A: I’m confident in the residential buy to let space, mainly due to the overall shortage of housing in the UK. On the whole, it’s not easy for first-time buyers to get onto the property ladder, and at the moment lenders have scaled back on high loan to value products, making it even more difficult. The benefit of this to landlords is that it keeps rental demand high. In the future, I can’t see this demand waning at all.
In terms of commercial property, it’s a slightly different story. COVID has changed people’s behaviours: with so many now working from home, offices are less occupied, and many of us are still opting to do the majority of our shopping online, meaning that many retail units are becoming vacant. Similarly, cafes, bars and leisure facilities have seen a real downturn as well. I think it’s difficult to call the very long-term impact of COVID in this investment sector; however, I would be slightly cautious about investing here at the moment. It’s certainly not all doom and gloom; I think that you need to really consider which commercial property sector you want to invest in and the type of tenant that property will attract and whether that business will stand up over the next 18 months of uncertainty we’re likely to see.
Jeni Browne: firstname.lastname@example.org | 01732 471647
Q: I am approaching retirement in the next few years and am interested in finding out how I can use my pensions to invest in rental properties. I believe that SSAS pensions can only be invested in a property development company, but would appreciate suggestions as to whether there are any legitimate ways to employ pension funds to invest in rental properties through a company?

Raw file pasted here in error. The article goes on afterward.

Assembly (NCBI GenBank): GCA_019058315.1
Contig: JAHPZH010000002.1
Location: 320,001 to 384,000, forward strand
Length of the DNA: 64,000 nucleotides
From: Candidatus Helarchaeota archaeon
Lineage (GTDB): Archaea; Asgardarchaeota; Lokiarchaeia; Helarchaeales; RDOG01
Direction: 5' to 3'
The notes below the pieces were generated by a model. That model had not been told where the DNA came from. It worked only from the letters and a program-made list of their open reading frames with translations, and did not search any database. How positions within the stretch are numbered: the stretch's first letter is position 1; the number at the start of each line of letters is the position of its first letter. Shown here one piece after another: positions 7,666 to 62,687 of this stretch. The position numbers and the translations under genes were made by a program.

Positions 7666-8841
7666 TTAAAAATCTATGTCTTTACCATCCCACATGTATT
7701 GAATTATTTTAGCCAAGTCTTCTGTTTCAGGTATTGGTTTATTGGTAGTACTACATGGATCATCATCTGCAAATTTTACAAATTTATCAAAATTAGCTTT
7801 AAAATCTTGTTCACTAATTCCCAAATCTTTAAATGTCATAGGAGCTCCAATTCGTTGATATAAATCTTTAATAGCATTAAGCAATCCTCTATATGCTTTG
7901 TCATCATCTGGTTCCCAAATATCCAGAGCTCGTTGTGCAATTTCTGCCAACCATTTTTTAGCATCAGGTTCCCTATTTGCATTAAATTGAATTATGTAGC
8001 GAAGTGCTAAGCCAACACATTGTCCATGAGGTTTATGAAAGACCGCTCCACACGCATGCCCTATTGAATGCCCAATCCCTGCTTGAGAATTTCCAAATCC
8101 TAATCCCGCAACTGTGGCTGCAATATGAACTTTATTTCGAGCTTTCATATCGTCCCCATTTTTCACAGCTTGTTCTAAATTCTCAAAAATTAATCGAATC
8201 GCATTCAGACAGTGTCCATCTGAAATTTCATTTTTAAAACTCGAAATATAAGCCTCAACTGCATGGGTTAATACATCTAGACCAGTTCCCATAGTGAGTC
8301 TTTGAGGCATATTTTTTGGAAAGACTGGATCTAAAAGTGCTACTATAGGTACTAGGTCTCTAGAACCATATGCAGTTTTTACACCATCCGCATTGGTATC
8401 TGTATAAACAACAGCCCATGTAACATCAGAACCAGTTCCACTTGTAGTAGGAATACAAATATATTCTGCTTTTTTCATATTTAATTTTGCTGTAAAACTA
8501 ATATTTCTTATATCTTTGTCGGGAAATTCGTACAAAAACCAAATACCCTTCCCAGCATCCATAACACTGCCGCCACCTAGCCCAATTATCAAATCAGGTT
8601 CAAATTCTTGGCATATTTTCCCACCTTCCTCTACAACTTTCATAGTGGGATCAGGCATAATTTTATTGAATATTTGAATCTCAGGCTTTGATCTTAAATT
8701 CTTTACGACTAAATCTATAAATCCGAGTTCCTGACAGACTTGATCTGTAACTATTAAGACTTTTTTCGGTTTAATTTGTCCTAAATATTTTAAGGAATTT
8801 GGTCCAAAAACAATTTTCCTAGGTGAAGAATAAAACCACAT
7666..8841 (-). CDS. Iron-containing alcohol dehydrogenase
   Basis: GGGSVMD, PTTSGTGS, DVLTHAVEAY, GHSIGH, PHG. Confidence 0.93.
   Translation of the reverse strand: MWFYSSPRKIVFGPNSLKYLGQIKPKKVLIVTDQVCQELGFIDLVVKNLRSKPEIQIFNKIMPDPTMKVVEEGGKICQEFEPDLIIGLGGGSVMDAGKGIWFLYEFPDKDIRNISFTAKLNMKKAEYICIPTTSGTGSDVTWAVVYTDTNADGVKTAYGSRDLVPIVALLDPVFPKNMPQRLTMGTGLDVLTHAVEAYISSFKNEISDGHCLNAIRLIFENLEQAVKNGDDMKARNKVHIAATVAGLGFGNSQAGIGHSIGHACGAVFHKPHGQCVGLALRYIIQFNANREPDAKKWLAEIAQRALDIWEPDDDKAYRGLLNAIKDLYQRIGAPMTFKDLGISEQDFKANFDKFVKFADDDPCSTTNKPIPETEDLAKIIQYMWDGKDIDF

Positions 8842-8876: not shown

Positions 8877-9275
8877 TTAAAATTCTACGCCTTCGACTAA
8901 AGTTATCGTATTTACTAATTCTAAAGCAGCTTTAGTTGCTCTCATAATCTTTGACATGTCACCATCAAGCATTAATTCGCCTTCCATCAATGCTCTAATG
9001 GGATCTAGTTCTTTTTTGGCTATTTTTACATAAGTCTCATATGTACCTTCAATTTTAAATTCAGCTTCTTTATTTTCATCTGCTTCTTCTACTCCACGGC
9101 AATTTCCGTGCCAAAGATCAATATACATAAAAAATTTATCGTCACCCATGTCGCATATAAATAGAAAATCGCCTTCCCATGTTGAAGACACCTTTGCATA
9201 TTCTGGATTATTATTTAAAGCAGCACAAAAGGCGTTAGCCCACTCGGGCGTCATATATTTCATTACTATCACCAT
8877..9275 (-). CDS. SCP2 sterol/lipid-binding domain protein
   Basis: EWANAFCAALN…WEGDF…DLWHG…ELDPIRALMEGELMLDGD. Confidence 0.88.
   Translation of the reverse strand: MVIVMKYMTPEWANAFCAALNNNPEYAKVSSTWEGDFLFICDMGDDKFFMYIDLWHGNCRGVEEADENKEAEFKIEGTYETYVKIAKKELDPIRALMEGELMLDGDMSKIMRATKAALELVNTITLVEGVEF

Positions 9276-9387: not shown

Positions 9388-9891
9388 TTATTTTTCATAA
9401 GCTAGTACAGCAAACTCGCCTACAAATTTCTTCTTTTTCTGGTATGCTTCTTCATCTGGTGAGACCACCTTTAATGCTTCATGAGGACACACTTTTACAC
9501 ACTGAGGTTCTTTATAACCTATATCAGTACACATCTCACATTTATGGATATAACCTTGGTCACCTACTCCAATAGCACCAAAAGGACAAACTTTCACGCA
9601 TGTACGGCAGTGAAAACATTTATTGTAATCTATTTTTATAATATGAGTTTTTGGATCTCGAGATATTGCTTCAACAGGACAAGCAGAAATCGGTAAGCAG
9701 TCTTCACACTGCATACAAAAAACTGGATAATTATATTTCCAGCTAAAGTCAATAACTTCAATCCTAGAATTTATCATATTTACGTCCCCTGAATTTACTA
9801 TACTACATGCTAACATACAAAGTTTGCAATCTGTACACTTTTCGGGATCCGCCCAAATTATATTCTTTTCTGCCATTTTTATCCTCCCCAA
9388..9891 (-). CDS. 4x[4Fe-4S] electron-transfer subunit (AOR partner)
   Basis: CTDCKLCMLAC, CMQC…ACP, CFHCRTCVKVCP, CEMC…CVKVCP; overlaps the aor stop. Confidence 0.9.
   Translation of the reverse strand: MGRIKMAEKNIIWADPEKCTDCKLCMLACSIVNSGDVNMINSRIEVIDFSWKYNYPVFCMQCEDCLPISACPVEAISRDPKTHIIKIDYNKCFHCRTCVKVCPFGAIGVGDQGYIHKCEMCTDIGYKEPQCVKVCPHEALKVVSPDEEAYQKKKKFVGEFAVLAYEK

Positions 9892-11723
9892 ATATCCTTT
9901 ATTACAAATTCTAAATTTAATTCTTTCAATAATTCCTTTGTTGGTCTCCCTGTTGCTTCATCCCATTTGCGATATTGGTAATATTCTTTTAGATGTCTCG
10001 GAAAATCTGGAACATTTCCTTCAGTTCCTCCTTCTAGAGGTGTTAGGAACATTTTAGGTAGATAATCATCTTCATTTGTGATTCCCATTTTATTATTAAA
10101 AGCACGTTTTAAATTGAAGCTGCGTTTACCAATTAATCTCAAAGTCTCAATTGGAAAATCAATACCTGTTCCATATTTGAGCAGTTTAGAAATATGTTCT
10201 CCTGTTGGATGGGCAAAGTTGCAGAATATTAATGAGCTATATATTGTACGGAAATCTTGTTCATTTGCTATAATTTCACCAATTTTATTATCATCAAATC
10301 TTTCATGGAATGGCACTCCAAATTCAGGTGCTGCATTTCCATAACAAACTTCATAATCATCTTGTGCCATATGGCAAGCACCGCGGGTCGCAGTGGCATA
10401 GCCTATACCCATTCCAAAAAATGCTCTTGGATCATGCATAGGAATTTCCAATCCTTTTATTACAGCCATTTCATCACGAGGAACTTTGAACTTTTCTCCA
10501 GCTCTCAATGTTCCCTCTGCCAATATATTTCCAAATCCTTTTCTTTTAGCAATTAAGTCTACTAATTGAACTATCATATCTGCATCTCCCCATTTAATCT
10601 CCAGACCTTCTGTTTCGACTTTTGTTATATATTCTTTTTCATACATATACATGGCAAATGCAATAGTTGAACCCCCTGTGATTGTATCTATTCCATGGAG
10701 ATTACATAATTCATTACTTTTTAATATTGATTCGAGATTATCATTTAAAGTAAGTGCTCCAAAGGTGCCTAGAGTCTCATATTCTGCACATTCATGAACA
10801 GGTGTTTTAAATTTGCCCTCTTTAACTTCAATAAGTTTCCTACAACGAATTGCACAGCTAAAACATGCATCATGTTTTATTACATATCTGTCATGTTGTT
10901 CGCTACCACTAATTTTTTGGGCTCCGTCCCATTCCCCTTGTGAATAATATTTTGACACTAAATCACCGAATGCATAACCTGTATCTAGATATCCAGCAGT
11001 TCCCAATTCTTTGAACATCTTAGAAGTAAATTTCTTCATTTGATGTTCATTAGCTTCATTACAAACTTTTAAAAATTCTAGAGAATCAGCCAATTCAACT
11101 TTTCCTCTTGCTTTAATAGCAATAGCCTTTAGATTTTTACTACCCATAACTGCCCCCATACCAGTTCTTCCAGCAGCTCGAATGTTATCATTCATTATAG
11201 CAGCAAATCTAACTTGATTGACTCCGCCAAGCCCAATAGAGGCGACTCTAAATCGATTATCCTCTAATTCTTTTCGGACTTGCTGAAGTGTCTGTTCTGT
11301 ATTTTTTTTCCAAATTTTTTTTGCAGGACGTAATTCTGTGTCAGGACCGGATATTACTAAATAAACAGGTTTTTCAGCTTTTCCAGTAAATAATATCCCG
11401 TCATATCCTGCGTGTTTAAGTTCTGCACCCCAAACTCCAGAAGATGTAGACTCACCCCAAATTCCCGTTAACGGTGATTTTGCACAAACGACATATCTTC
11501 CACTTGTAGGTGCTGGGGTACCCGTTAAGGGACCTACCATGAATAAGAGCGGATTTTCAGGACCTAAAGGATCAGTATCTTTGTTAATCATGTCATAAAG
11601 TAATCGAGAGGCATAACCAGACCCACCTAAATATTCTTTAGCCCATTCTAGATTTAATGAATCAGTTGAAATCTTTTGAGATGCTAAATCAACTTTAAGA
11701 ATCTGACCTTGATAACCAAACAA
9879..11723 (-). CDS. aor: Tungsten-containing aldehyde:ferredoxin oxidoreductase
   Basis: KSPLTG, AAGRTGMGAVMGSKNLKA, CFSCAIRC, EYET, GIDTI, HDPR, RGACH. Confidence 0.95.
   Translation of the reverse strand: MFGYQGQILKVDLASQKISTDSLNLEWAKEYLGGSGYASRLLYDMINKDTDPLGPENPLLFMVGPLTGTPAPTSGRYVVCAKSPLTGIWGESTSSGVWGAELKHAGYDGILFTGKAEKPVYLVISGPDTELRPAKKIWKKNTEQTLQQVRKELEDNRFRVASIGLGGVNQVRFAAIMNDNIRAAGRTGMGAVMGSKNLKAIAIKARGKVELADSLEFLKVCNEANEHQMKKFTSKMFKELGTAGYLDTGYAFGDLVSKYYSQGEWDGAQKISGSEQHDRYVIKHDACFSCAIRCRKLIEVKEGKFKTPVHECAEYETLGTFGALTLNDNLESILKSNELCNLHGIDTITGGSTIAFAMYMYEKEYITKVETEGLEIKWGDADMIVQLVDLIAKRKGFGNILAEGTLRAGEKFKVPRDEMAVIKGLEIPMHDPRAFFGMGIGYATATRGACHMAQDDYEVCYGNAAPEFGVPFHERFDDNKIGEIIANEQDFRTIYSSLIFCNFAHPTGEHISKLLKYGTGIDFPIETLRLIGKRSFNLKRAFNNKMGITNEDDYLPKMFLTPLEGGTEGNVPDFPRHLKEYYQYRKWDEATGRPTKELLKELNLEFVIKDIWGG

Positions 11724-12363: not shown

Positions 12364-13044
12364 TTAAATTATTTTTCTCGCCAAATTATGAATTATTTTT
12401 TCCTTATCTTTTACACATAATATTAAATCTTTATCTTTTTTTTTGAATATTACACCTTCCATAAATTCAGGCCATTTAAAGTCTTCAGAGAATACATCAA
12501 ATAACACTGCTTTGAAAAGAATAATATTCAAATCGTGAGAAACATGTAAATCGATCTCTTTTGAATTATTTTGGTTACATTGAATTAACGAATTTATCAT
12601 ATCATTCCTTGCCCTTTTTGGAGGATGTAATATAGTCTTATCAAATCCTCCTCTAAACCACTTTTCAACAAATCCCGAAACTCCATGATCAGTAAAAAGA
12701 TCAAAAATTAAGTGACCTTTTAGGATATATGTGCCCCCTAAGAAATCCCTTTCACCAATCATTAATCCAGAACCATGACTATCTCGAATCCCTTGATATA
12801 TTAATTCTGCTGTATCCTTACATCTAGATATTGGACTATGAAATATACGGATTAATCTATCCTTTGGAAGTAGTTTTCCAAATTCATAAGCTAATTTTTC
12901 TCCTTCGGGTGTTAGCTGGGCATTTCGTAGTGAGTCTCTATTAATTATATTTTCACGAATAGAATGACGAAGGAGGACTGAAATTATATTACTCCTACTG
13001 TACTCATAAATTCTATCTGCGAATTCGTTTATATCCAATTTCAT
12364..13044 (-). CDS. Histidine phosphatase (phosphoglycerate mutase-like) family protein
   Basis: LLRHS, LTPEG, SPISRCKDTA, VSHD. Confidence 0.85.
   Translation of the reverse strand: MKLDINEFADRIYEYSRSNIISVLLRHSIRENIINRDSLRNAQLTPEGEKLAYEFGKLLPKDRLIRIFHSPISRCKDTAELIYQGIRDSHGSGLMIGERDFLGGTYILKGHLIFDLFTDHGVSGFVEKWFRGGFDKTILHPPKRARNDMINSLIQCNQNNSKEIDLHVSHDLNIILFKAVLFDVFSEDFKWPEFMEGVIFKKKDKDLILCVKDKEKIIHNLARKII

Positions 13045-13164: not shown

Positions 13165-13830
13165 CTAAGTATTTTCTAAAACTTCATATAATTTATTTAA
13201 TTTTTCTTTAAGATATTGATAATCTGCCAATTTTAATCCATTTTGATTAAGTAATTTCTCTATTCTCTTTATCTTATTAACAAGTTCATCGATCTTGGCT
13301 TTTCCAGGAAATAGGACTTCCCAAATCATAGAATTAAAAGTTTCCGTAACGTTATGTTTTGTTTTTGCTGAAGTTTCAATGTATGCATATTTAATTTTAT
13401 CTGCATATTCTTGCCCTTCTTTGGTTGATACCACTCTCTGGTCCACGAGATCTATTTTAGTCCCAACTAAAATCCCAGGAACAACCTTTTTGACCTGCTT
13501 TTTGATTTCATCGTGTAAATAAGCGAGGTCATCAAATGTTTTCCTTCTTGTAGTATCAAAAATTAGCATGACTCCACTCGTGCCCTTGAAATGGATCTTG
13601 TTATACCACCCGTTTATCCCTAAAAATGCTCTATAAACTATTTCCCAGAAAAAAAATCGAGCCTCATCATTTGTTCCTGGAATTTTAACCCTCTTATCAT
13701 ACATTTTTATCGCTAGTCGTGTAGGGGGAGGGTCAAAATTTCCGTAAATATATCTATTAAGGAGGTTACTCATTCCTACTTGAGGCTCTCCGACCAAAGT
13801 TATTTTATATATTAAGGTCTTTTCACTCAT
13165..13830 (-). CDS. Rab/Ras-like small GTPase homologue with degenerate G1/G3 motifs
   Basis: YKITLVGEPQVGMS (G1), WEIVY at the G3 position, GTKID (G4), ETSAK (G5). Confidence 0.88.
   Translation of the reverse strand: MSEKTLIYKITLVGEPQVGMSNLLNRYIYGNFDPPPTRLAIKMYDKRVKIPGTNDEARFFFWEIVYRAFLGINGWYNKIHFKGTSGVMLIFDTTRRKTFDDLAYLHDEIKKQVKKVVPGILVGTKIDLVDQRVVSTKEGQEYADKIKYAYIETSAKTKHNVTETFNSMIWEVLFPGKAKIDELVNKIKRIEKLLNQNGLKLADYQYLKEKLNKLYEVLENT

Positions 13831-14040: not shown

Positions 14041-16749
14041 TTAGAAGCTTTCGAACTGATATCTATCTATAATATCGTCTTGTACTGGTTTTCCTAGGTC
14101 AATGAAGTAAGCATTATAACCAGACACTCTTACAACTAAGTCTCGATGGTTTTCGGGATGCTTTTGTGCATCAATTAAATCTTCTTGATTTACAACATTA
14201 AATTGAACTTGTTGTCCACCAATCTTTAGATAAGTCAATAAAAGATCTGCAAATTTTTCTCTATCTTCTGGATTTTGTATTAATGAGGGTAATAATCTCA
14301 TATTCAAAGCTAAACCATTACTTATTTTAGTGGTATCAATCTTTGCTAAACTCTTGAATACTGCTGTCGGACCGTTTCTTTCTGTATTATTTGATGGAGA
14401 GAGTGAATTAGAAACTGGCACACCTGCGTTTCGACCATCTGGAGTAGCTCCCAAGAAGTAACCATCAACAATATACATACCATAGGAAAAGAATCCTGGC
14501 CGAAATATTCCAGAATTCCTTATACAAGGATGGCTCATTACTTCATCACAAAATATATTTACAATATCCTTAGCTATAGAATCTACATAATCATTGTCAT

A: The scheme can purchase commercial property as well as commercial and agricultural land. Once purchased the property or land can be let to your company or third party.
However, as you are no doubt aware, the SSAS pensions are subject to the pension rules and regulations of HMRC SSAS rules. With this in mind, it is vitally important that the members of these schemes have the knowledge and guidance on the rules; what is and isn’t permissible and the potential consequences of a breach of the rules.
Disappointingly, whilst most property investors concentrate on residential property, it is important to note that under HMRC rules the direct purchase of residential property by a pension fund is prohibited. This includes single lets, HMO’s, serviced accommodation and holiday lets. Some investors believe that if the asset is bought through a limited company, or run as a commercial enterprise, that this is sufficient to classify the asset as a commercial entity. Unfortunately, when it comes to pension purchases, HMRC does not share this view. Regardless of how the property was purchased or how it is run, HMRC classifies a property as a residential asset if:
- The building or structure is used or suitable for use as a dwelling
- Any related land that is wholly or partly the garden for the building or structure
- Any related land that is wholly or partly grounds for the residential property and which is used or intended for use for a purpose connected with the enjoyment of the building
- Any building or structure on any such related land
- Any building specified in Regulations as residential property
I trust you found the above of some help. If you wish to investigate your options further, I would be happy to assist. Still, a good port of call would be initially to contact a pension’s administrator to ensure the structure you are looking at, and the asset falls within HMRC rules.
Paul Keddy: email@example.com | 01732 471655
If you missed September’s MFB Live! or want to watch it again, you can do so on our YouTube Channel, here. If you have your own buy to let mortgage question, please do not hesitate to contact our expert team on 0345 345 6788 or email firstname.lastname@example.org.
*As of 7th October 2020